Don't mind me, I'm just practicing.

(stagger and say) First drop I've had all day.

(when the prop goes into the audience) Quick, before they notice.

(when the prop goes into the audience) This is the audience
participation portion of my show.

Jugglers hate Isaac Newton.

Whoops, I almost dropped that one.

To err is human--but it feels divine.

The Void

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Feb 6, 2008, 8:58:45 AM2/6/08
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Kit wrote:
> Skylab.

Cor, a 30 year old topical drop line! Use that one a lot these days, Kit?

Still, you have just reminded me of the excellent "Dogs In Space". Well
done.

The Void
................
Nice long pub lunch on Sunday, folks?

Hatch

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Feb 6, 2008, 11:26:45 AM2/6/08
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Often times people clap when you drop; the break in the action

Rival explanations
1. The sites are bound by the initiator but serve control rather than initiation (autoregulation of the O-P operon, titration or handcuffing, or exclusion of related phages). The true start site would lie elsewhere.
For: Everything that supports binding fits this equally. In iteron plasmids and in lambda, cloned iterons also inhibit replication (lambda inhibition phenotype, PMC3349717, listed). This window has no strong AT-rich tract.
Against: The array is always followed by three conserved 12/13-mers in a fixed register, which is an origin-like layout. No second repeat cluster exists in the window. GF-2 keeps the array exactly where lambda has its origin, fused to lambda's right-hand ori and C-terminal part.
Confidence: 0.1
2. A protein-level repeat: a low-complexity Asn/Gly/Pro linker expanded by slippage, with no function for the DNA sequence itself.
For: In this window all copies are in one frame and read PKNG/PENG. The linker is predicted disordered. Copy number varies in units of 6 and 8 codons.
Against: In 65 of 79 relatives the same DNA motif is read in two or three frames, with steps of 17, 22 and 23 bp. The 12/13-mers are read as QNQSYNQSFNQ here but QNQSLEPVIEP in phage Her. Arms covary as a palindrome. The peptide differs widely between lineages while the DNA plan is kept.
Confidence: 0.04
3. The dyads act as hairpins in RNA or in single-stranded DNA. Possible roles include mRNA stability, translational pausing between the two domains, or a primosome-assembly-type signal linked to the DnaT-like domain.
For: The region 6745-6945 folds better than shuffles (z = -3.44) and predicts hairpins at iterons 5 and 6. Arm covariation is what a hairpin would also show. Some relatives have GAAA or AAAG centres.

provides the opportunity. To this I like to reply, "Why do people
always clap when I drop?" Often times this turns into a running gag.
The next time I drop and people clap, I say, "There they go again."
Then if I drop and people don't clap, I say, "Go ahead and clap
already!" It's funny.

PS

I bet we could reassemble the entire Juggling With Finesse solely from
Kit Summers' forum posts. :-D

Alan Morgan

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Feb 6, 2008, 11:56:41 AM2/6/08
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In article <47a984a0$0$513$bed6...@news.gradwell.net>,